The desiccation which followed the shifting of the cyclonic storm belts did not become complete until what is called, in northern Europe, Atlantic time, that is, in the neighborhood of 5000 B.C. Only by this time had Europe, south of the newly formed northern forest, really become climatically what the highland belt had been before—a temperate, well-watered parkland, instead of a chilly, treeless plain.

The same general date, 5000 B.C., may be tentatively set as the time of the beginning of agriculture and animal domestication. It was not until almost 2000 years later, however, that the disciples of this new economy were to expand and invade more than the threshold of Europe.

The Neolithic invaders of Europe, seeking new lands for farming and grazing, came as a further result of the same environmental shift which had impelled the earlier Mesolithic invaders, whom they supplemented without a gap, and with whom they blended. But the Neolithic invasion was not as simple as the Mesolithic. As the new economy spread, it affected a number of peoples. whose reactions were not all the same. Europe, the flew Stronghold of a lost climate, was broached in different places and in different ways.


Map 2 will show, in a very general sense, the time scale of Neolithic invasions into Europe, and the routes by which these invasions may have come. It is to be noted that Crete became Neolithic before any of the European mainland, followed by Greece and the land near the Bosporus; eventually these agriculturalists spread into all the northern Mediterranean lands by sea. Meanwhile, other Neolithic farmers had been moving along the coast of North Africa from Egypt, and had crossed over Gibraltar to invade Spain. Hence they migrated northward and eastward, as far as the Swiss lakes and the Rhine.2 Their agriculture, and their pig, sheep, and cattle husbandry, eventually spread over most of western Europe and even into England. At the same time still other farmers, in this case coming from Anatolia, or southeastern Russia, or both, were moving up the Danube, and eventually established themselves in the fertile valleys of Moravia and Bohemia, and even farther westward until they met the stream coming northward over Gibraltar.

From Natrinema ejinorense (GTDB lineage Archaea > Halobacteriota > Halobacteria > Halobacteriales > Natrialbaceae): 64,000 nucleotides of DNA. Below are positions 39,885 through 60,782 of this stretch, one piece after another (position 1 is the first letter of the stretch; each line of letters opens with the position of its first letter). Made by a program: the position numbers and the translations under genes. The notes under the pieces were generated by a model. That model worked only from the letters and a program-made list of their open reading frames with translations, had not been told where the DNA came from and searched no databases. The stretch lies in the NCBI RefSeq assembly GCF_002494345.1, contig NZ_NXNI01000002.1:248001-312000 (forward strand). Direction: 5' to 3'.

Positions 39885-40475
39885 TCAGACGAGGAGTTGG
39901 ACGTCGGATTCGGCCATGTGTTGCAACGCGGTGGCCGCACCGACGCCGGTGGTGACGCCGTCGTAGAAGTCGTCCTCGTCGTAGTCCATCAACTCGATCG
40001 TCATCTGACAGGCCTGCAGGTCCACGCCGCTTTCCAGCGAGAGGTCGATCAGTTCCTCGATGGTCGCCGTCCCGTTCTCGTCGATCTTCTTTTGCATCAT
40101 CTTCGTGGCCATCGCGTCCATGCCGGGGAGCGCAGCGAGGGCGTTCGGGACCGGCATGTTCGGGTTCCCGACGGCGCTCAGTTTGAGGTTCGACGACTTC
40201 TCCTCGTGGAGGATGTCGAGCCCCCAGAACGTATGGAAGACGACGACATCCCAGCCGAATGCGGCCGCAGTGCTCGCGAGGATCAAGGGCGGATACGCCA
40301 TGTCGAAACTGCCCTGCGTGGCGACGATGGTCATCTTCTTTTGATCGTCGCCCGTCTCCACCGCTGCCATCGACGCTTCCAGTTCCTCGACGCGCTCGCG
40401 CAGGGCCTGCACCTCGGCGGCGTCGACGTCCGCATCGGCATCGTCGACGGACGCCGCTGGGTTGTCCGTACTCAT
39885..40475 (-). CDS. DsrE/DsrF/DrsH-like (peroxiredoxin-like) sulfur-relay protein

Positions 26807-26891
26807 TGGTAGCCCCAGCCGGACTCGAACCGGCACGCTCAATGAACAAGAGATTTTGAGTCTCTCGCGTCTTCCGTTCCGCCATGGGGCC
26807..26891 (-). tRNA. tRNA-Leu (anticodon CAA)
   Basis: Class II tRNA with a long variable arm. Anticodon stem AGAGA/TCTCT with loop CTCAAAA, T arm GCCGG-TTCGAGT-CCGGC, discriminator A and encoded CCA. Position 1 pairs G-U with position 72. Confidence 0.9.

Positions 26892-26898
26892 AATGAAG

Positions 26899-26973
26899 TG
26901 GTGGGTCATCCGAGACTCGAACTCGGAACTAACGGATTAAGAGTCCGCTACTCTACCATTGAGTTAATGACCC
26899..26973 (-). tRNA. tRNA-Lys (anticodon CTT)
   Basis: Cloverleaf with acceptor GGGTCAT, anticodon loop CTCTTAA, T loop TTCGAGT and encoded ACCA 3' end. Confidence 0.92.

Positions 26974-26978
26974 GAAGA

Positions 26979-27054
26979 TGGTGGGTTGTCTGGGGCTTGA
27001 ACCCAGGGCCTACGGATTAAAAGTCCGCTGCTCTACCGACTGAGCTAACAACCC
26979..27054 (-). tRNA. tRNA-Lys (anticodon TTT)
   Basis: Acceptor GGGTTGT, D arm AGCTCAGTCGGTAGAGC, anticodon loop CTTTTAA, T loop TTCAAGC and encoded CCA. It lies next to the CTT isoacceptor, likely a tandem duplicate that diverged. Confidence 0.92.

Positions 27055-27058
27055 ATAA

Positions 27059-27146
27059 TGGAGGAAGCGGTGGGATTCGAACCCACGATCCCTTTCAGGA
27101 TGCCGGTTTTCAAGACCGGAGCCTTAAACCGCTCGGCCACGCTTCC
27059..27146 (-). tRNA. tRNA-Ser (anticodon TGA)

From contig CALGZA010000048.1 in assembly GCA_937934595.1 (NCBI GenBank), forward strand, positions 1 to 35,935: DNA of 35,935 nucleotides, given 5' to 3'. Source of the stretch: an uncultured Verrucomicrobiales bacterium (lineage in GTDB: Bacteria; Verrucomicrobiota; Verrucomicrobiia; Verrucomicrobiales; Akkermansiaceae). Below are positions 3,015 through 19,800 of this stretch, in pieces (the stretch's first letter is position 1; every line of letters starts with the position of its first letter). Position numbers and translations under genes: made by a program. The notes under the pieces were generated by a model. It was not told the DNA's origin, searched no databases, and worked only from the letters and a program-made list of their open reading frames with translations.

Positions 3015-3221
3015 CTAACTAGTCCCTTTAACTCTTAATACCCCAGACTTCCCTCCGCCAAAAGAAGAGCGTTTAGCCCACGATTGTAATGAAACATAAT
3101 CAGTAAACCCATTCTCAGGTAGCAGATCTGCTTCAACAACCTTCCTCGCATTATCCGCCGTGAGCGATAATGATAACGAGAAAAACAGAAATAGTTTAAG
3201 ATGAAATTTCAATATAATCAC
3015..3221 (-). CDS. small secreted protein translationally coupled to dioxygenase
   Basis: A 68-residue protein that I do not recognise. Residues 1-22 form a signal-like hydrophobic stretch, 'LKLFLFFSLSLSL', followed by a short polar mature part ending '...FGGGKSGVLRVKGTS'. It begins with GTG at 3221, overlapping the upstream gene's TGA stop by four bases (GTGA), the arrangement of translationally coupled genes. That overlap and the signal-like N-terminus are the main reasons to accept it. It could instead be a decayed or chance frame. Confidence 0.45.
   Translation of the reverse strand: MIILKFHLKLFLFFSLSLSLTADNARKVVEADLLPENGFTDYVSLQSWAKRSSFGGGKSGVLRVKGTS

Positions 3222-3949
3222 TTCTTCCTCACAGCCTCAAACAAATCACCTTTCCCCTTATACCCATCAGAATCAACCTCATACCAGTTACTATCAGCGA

These three movements were the primary invasions which brought a new, agricultural population into Europe. Later in the Neolithic there were two other movements of a different character. One was that of the Megalith-builders who sailed through the Straits of Gibraltar and skirted the western shores of Europe to the British Isles and Scandinavia. These seafarers probably introduced the new economy to the northern isles and Scandinavia. Then there were the Corded people, so-called on account of the decoration on their pottery—who came from some mysterious point in southern Russia or the steppes of western Asia north of the plateau, and who were probably less dependent on farming than on pastoral nomadjsm and trade. Just as the Megalithic people carried civilization to the far western corners of Europe by sea, so the Corded people introduced the new enlightenment into the north, where the old hunting and fishing life survived.

Five invasions, then, converging on Europe from the south and east, brought a new population to Europe during the third millennium B.C., and furnished the racial material from which living European populations are to a large extent descended.


1 Childe, V. Gordon, The Dawn of European Civilization; The Most Ancient East; The Danube in Prehistory; New Light on the Most Ancient East; Man Makes Himself.

2 Menghin, O., Weltgeschichte der Steinzeit, pp. 294—302.